MUFSC Associate Professor is Appointed Chariman of E-54 Homeland Security Applications Subcommittee
Marshall University Forensic Science Program Associate Professor J. Graham Rankin, Ph.D., has been appointed as chairman of the Subcommittee on CBRNE Sensors and Detectors on the American Society for Testing and Materials (ASTM) E-54 Homeland Security Applications Committee.
CBRNE represents Chemical threats (i.e. nerve gases and hazardous industrial materials), Biological agents (i.e. anthrax, smallpox), Radiological and Nuclear devices, and conventional Explosives that could be utilized by terrorists.
Dr. Rankin, a forensic chemist, has been developing forensic methods for the chemical analysis of smokeless (gunpowder) which can be used in explosive devices. The chairmanship of this subcommittee complements the role of the Marshall University Forensic Science Center as a national resource for forensic crime labs.
"Initial activities of the CBRNE subcommittee will be to determine applicable standards within ASTM and other standards development organizations (SDO's), determine current technology for detection in each of the threat areas and to establish reasonable performance standards and methodology necessary for such devices," Dr. Rankin said.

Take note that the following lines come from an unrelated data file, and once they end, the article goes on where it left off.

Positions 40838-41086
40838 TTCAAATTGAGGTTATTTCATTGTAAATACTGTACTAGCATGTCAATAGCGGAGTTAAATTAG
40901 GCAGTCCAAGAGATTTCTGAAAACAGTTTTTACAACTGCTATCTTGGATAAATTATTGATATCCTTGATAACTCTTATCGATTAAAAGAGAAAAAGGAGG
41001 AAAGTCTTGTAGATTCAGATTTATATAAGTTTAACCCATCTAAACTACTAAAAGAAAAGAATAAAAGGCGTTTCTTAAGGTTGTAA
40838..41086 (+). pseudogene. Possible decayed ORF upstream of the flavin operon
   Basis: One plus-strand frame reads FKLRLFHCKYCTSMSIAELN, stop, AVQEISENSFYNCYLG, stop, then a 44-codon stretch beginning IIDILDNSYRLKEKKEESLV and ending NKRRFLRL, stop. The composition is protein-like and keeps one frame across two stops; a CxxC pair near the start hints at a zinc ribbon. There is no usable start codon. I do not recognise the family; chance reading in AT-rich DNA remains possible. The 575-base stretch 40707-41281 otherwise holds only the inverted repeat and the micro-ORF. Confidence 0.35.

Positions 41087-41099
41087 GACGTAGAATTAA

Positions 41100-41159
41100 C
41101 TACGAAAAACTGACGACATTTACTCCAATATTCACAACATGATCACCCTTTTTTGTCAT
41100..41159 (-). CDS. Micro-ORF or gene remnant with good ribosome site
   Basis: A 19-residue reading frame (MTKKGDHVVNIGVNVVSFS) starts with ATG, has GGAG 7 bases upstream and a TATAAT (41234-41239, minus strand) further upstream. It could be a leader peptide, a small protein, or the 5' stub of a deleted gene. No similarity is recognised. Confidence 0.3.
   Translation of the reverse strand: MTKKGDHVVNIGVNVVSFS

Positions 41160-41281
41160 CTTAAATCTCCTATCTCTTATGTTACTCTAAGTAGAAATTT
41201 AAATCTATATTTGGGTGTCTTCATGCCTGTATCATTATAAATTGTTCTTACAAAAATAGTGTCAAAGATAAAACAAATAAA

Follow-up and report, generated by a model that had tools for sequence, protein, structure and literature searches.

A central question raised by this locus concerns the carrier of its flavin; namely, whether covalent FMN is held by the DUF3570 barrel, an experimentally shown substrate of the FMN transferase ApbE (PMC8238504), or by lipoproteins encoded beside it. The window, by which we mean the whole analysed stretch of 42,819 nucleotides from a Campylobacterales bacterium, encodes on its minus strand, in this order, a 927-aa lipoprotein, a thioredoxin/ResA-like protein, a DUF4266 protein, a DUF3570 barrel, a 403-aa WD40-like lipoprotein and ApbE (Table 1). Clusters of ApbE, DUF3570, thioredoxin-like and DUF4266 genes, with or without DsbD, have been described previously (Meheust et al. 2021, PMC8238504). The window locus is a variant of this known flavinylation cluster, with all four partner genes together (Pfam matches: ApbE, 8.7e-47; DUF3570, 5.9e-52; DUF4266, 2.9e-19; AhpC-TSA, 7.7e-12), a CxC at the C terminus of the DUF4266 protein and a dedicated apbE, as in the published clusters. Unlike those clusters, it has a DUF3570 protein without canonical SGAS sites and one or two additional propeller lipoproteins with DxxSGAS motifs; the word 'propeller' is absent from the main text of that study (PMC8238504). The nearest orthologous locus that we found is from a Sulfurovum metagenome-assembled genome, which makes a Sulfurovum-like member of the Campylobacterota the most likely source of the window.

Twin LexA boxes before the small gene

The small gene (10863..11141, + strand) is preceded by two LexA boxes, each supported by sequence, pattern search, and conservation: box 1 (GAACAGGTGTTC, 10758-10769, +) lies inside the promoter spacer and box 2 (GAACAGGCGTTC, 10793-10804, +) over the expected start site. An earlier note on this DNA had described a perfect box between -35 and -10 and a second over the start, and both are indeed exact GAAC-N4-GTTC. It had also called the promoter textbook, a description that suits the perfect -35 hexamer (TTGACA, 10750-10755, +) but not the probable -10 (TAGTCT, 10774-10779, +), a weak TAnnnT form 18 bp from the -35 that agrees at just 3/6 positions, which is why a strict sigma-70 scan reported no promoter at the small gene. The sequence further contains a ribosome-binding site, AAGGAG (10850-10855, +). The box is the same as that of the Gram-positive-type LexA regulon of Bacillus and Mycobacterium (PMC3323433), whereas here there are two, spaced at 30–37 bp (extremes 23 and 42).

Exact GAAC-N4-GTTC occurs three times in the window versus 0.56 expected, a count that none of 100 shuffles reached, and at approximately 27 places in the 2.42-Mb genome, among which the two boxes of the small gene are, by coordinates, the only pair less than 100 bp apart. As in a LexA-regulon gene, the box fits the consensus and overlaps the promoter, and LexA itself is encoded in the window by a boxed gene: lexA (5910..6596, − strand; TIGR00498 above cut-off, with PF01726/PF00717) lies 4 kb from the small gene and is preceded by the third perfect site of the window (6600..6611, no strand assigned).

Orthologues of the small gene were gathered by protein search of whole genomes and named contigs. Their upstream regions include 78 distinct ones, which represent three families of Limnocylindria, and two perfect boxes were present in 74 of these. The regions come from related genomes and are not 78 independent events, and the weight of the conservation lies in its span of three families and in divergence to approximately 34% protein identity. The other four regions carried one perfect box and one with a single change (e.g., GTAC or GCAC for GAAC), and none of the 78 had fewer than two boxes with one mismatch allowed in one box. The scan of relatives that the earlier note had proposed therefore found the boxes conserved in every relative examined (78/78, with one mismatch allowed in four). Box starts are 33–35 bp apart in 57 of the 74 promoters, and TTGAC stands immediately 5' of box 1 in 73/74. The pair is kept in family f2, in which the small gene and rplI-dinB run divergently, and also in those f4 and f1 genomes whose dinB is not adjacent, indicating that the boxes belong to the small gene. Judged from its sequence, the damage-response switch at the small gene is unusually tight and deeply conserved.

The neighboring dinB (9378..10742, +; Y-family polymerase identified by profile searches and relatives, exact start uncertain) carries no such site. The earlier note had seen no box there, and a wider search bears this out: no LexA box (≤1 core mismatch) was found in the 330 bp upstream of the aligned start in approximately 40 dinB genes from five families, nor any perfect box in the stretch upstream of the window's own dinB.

The ASTM established the E-54 Homeland Security Applications Committee in response to the Department of Homeland Security's request to establish standards for evaluated devices, equipment and materials relevant to homeland security.
The E-54 Homeland Security Applications Committee will coordinate existing ASTM standardization related to homeland security needs and develop standards and guidance materials for homeland security applications in the following areas: Borders, Ports, and Transportation Systems; Advancing and Harnessing Science and Technology; Preparing for and Responding to National Emergencies; and Protection of Critical Infrastructure.
ASTM is non-profit organization which publishes standards for a wide range of industrial and service applications, including forensic science. Standards are established by consensus of practitioners in government, industry and academia.
The Forensic Science Center consists of a two-year Master's degree program in Forensic Science and the laboratories for the West Virginia Combined DNA Index System (CODIS). Additionally, the center assists law enforcement in training and education to meet national standards and continuing education requirements.